I don’t know where they’re headquartered, but there’s an I Hate Adam Sandler Club, and a fair number of critics belong to it. Maybe the membership roster wouldn’t be so large if Sandler and co-writer Tim Herlihy had quit while they were ahead. After feeling their way in “Billy Madison” (1995), they scored an offbeat hit with the lowbrow “Happy Gilmore” (1996), and then Herlihy soloed on the script for “The Wedding Singer,” a 1998 popular film that showcased a warmer and less slapstick Sandler.
I’m not a fan of Sandler’s, but I do think he has talent, and I appreciate some of his films–like the two I mentioned, as well as “50 First Dates” (2004), “Spanglish” (2004), and “Bedtime Stories” (2008). I think we see his best work when the character he plays is an original–like hockey-player-turned-golfer Gilmore, or Robbie, the wedding singer who’s both a parody of wedding singers and his own character. The minute Sandler tries to play a straight type, forget it. His clichéd performance just heaps more triteness on top of the caricature, and the result is better suited for a “Saturday Night Live” skit than a full-length feature film.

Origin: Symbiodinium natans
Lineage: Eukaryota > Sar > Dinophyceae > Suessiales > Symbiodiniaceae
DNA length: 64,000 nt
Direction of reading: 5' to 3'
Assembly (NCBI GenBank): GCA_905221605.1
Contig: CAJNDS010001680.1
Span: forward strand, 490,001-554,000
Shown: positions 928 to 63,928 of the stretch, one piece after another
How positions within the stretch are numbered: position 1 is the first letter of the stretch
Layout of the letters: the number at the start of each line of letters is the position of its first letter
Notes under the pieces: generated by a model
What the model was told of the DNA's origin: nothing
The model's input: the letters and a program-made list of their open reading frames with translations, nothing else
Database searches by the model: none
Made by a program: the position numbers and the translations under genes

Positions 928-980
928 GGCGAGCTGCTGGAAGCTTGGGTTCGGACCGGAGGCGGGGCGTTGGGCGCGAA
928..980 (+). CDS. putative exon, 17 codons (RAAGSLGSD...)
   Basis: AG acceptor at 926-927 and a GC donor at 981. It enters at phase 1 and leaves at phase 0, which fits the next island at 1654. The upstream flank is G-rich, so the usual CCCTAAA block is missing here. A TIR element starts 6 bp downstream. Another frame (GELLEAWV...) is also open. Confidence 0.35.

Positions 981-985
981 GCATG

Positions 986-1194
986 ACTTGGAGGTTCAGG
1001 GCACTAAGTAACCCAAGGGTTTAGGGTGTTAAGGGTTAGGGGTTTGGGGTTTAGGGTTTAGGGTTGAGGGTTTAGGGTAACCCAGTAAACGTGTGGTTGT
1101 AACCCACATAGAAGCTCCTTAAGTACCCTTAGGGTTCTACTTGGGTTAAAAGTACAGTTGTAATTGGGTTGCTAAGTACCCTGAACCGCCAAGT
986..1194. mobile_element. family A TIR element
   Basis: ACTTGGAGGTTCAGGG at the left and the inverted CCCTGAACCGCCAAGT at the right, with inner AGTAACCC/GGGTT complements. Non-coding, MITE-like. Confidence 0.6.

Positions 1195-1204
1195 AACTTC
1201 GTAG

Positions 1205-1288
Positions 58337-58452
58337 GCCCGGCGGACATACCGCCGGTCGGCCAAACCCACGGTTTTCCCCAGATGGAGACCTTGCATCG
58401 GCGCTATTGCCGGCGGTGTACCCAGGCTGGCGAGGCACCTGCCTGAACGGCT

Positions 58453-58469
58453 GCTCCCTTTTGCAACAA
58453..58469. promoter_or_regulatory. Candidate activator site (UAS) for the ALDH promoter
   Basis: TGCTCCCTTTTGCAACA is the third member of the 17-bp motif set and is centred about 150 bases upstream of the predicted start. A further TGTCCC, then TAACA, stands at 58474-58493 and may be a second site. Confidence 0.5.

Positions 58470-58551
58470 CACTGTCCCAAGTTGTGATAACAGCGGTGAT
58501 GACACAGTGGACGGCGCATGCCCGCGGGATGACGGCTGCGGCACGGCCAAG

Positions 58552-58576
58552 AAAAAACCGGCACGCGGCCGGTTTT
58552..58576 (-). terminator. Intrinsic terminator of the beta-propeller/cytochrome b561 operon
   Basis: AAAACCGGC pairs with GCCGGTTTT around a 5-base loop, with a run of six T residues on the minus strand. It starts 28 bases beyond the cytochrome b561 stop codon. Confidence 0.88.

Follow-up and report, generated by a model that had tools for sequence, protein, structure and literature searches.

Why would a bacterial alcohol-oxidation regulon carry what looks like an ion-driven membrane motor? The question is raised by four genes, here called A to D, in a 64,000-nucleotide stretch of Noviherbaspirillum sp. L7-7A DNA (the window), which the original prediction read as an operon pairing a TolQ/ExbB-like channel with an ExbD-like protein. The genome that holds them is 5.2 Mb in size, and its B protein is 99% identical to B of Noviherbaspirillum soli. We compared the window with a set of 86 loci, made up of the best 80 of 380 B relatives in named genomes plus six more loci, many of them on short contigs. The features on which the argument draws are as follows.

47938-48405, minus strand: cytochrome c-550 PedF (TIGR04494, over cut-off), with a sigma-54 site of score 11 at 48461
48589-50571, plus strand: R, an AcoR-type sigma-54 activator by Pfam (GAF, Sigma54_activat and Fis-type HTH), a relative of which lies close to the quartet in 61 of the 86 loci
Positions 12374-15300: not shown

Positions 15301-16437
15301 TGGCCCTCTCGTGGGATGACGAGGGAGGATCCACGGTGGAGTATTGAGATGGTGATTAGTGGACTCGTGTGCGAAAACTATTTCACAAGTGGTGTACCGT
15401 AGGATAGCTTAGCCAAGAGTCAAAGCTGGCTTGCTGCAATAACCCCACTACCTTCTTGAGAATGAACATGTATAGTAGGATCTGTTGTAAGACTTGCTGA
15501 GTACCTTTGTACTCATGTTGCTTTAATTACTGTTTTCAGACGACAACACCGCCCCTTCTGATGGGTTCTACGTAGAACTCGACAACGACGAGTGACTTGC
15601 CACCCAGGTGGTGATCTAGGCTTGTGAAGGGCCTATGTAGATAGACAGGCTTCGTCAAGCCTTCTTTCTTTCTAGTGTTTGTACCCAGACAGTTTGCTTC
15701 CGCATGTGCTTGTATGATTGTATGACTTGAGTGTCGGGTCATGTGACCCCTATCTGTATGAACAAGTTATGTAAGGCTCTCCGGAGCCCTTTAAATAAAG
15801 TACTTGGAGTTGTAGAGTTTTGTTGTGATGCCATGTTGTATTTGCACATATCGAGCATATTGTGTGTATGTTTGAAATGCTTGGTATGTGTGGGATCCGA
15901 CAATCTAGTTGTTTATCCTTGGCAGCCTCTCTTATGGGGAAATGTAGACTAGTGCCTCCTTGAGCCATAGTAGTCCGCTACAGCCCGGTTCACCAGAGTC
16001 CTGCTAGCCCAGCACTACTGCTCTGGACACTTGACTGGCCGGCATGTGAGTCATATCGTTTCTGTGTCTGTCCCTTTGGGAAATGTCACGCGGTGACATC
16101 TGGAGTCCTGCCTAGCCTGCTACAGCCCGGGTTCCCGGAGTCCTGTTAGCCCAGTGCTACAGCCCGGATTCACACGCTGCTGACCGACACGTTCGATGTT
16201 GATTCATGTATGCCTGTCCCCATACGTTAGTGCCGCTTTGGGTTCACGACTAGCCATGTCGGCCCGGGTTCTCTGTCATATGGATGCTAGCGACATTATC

That’s what happens in “The Waterboy” (1998), which I like to believe is a parody of “Forrest Gump” (1994). If not, then Sandler’s portrayal of a mentally challenged mama’s boy from the bayous of Louisiana is truly offensive. When Tom Hanks talked, we believed that his character Forrest was a little slow, but still intelligent enough to know he’s a little slow and make the most of the brain cells he does have. Hanks did considerable research before attempting his role. Sandler, meanwhile, sounds like someone who’s imitating a mentally challenged person in a high school cafeteria. He shapes his mouth like Dick Van Dyke imitating Stanley Laurel and speaks in a half-lisp and half-nasal whine that’s frankly annoying–which is why I prefer to think he and Herlihy were attempting a parody of “Forrest Gump,” southern-fried accent and all.